Turku sees improvements in service development and the planning of new areas

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The City of Turku has learned to turn strategic objectives into concrete development projects and grown more accustomed to cooperating with different actors.

The impacts of the Six City Strategy on the City of Turku’s operations are most visible in the form of concrete results and the competence and new operating methods created in projects. This is the opinion of Chairman of the Six City Strategy steering group, Program Director Riitta Birkstedt and Six City Strategy City Coordinator Anna-Mari Sopenlehto-Jokinen from the City of Turku. Examples include Visitor Centre Joki, the environmentally-friendly solutions that promote resident participation in the new district of Skanssi, the City’s carbon-neutrality goals, which were based on Six City Strategy projects, and the Smart and Wise Turku project, which combines a number of Smart City concepts.

The City of Turku has used the Six City Strategy to develop new ways of co-operation and opened the City’s interfaces for other operators. The Six City Strategy projects have also promoted co-operation within the City, across divisions. The companies’ involvement in the projects has demanded that the City be prepared to open up its operations. This way, the city environments act as platforms for companies to develop their services.

“The Six City Strategy has taught other actors to seek opportunities for things like co-creation from the City while also teaching us as a City to open up to others,” Birkstedt says.

Students have used an augmented reality application to re-build the oldest bridge in Turku, Penninsilta. Photo screenshot: Turun Sanomat video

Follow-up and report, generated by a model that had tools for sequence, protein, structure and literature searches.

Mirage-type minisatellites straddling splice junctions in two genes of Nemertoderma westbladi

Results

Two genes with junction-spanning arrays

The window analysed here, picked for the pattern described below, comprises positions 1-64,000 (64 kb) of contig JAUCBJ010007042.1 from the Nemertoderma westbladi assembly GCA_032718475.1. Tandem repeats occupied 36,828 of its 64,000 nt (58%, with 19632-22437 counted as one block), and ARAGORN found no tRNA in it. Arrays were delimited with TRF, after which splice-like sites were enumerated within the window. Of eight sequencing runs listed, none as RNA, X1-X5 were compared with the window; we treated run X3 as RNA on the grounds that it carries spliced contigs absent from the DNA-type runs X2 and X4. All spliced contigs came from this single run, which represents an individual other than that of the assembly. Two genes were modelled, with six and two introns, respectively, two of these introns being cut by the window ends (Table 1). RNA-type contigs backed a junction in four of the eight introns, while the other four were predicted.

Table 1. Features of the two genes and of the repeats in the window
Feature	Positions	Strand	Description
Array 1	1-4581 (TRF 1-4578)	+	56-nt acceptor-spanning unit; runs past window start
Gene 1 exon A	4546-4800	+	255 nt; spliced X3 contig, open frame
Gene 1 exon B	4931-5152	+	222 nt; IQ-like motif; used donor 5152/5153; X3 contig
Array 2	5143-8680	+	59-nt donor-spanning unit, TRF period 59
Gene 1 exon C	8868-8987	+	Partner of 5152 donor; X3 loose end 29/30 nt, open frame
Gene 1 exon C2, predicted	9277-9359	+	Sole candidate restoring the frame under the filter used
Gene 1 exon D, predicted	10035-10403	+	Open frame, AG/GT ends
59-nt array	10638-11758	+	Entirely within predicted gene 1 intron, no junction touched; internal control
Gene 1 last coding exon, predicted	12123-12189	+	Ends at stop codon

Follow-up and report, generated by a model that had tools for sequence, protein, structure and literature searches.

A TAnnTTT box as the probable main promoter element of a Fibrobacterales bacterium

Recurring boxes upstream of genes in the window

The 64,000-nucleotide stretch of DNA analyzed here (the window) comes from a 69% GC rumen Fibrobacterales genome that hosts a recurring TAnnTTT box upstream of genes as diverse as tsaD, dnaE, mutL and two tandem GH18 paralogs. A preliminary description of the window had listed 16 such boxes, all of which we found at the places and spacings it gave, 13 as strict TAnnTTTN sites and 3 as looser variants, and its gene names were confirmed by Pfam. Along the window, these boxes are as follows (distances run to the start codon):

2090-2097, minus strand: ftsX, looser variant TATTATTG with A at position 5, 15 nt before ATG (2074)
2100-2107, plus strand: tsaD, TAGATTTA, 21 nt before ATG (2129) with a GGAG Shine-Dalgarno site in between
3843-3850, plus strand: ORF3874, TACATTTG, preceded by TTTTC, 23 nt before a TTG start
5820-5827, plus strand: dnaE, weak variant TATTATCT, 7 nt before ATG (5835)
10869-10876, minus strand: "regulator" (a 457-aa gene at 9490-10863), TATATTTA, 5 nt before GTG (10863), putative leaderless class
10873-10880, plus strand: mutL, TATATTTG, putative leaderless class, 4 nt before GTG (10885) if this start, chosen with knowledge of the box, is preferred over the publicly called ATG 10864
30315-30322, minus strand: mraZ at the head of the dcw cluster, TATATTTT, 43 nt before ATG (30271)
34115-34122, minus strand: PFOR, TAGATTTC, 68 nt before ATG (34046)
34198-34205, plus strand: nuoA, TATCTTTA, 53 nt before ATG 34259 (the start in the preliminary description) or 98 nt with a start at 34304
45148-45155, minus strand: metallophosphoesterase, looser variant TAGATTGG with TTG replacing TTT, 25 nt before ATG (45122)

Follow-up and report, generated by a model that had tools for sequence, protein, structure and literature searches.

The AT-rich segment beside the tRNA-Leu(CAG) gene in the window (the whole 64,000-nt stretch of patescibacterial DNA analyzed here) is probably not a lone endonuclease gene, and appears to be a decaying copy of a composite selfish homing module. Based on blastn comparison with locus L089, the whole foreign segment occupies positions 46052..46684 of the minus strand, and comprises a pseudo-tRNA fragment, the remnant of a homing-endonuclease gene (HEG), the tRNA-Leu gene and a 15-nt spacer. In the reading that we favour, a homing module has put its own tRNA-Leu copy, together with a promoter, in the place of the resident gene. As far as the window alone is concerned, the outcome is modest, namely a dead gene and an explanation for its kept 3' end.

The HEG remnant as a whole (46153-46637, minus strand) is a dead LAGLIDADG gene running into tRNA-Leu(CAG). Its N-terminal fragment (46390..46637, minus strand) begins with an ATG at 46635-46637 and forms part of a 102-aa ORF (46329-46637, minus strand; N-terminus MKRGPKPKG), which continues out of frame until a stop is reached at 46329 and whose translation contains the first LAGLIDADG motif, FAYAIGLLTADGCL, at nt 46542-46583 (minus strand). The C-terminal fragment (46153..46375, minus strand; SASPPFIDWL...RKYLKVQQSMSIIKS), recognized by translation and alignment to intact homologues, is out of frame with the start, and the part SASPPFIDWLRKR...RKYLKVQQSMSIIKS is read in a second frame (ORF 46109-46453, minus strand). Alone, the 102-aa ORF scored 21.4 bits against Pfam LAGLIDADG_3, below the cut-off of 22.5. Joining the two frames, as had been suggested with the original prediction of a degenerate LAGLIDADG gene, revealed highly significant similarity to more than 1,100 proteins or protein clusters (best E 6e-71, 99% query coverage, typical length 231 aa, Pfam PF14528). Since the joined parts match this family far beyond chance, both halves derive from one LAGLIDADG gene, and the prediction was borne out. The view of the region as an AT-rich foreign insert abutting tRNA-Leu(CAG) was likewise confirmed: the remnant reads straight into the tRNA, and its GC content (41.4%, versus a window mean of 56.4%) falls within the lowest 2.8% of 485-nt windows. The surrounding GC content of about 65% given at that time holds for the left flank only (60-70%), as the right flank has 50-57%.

Smart solutions widely visible in the everyday lives of the residents of Turku

Six City Strategy projects are visible in the everyday lives of residents in many ways. For example, in the Smart Learning Environments for the Future project, upper secondary school students used an augmented reality application to re-build the oldest bridge in Turku, Penninsilta, in the heart of the Turku’s Old Town. The plan is to also create other similar AR applications around the River Aura.

Smart solutions are also being created in Turku’s services for the elderly, city guidance and waterborne city traffic. In addition to all this, the City is opening a goods distribution point at Puutori as part of a pilot focusing on low-carbon last mile logistics solutions. The Six City Strategy has taught the City of Turku that companies should be encouraged to commit to operations at a very early stage and that the dialogue with them must be continuous and intensive.

Turku has also opened up various data sources related to mobility and traffic in particular. “We have only scratched the surface in this regard. So far we have determined what we need to do in order to open up data, and what open data actually means. We still have a lot to do in regard to open data and interfaces,” Sopenlehto-Jokinen says.

Concrete cooperation among the most important results of the strategy

In Birkstedt’s opinion, one of the biggest merits of the Six City Strategy has been learning together with the other Six Cities. Instead of each city solving the same challenges separately, the cities can learn from one another.

“In a country the size of Finland, you have to be smart about how you use your resources. There is room for the cooperation between the cities to become even deeper and more outwardly scaled in the future. We have established trust and a good foundation on which to build even more effective cooperation. It would be a waste of resources to think about these things alone,” Birkstedt states.

The article was first published in spring 2019.

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